Unselfish Sewing

Today I’ve got a little bit of unselfish sewing to show you! I made a jacket for my lovely Mum. Anyone who follows me on Instagram will have already seen a few snapshots of this in the making, but I’ve got the full details here!

Getting the bits together!
Getting the bits together!

I actually planned to make this jacket for my Mum’s birthday last July – I bought 2m of the fabric in advance and told her she could choose what she would like me to make. She chose New Look 6028, a princess seamed jacket. It’s in the easy to sew range, and I have to say it came together very quickly and easily! I made view D with the mid-length sleeves.

I took a bit of a gamble in not making a toile (you know me!), but did take some detailed measurements from my mum, and then did a tissue fit on myself (we have a pretty similar build and measurements, so luckily this worked quite well!). I used a size 8 I think, which is what I would usually use in the Big 4. As it’s a loose fitting jacket, the most important bit was getting the shoulders to fit correctly, and once I had checked that, I knew it would be ok to go ahead with cutting out!

The fabric is a lovely linen/ cotton blend that I bought from Backstitch. It’s got a loose weave but is lovely and soft, and I knew that my Mum would love the colour J As it has such a loose weave, I knew that it would fray badly, so I overlocked all the edges before sewing them.

Close up of the lining fabric
Close up of the lining fabric

The jacket is lined in this divine Liberty silk satin. It seems extravagant, I know, but actually it only needed about 70cm, and I got this from Goldhawk Road for £12.50/m, so it’s a lovely bit of luxury. I think it really adds to the quality of the finished jacket, and didn’t end up being much more expensive than normal lining fabric.

With the sleeve linings
With the sleeve linings

Originally, I lined the sleeves in a plain white acetate lining, but actually I decided that for a summer jacket, lined sleeves would be too warm and could get sticky. Plus, as it would usually be worn over bare arms, it wouldn’t need the smooth lining as much as if it were worn over sleeves. So, after beautifully setting those sleeves in, I ripped them back out. To finish the armholes nicely, I just stitched the lining to the jacket outer seam allowance. I would have bound the edges but I didn’t have time (sorry Mum!). Again here, the seam allowances were all overlocked.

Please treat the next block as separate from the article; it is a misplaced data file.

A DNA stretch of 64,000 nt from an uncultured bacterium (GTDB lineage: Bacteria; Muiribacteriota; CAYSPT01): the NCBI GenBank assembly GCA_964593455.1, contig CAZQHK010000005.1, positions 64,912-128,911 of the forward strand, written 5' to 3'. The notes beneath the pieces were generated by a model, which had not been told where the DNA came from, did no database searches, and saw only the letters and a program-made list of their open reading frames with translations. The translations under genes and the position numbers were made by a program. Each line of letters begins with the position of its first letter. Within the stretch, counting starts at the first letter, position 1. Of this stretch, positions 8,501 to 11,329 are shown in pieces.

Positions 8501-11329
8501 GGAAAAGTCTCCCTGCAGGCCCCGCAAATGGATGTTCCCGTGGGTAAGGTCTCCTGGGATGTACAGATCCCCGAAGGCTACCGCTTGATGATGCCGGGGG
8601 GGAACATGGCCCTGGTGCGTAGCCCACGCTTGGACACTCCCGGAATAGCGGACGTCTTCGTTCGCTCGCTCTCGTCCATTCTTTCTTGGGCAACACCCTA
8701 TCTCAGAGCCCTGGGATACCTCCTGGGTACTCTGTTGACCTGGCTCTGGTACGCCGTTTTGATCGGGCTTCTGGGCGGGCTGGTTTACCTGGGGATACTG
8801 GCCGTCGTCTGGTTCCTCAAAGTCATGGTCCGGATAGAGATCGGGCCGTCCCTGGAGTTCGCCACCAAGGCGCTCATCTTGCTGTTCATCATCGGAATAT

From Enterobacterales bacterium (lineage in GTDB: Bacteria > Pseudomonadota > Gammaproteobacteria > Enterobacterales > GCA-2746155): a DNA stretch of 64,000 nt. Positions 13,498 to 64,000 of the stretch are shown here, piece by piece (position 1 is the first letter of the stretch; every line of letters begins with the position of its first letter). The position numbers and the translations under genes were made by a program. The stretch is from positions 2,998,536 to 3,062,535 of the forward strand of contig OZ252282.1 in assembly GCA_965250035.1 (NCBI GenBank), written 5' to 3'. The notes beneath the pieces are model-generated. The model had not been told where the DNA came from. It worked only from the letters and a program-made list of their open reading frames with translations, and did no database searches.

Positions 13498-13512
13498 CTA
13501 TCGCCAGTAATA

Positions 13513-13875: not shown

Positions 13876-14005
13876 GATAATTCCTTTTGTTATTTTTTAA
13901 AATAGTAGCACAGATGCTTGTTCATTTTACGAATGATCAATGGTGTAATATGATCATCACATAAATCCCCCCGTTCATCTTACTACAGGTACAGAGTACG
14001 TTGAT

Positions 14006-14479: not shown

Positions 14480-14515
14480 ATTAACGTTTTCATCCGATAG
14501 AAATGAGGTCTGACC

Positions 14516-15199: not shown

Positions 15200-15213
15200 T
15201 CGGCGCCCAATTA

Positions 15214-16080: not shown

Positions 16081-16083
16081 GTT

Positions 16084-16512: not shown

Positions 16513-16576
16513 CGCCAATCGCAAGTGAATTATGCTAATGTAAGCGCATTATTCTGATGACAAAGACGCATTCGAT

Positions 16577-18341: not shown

Aaaand without the lining in the sleeves
Aaaand without the lining in the sleeves

I topstitched the princess seams using my fab new 1/4“ foot, and I really like the effect this gives. I always find that this sort of detail really makes a garment stand out a bit more:

Mum in her Jacket!

The only change I made was to leave out the interfacing on the facing piece at the front of the jacket. The outer centre front is interfaced anyway, and I found a double layer of interfacing to be too bulky and it ruined the drape of the fabric.

All in all, this is a great pattern, which came together pretty quickly (maybe 5 or 6 hours in total). I’m really pleased with how this came out! And so is my Mum! Here’s a picture of her wearing it on holiday:

Have you done any unselfish sewing recently?


5 thoughts on “Unselfish Sewing

  1. Your mom looks lovely, the style and colour really suits her. I’ve had that pattern for ages but haven’t used it. Thanks for the tips especially about the interfacing, I’ll keep that in mind when i do mine (soon!). I’ve done a lot of unselfish sewing lately – mending a tent, making curtains etc and next on my list is a couple of shirts for my son. Then it’s all me, me, me!!

  2. Your mum looks lovely! You can see she enjoys wearing her new jacket. Did you use a ballpoint needle? I read somewhere (Alison Smith’s book?) that very loose weave fabric behaves better if you use a ballpoint. And I am being a bit, ahem, jealous of your overlocker 😉

    1. Thanks! I used a standard needle – I didn’t have any problems with this fabric, but I could imagine that it would be good to use a ballpoint needle with a spongier fabric! And my overlocker was so useful for this project 😀

  3. This is lovely! Great colour and I love the Liberty lining – I agree it’s totally worth adding those special touches to a garment. Ditto Vaire on the overlocker… one day!

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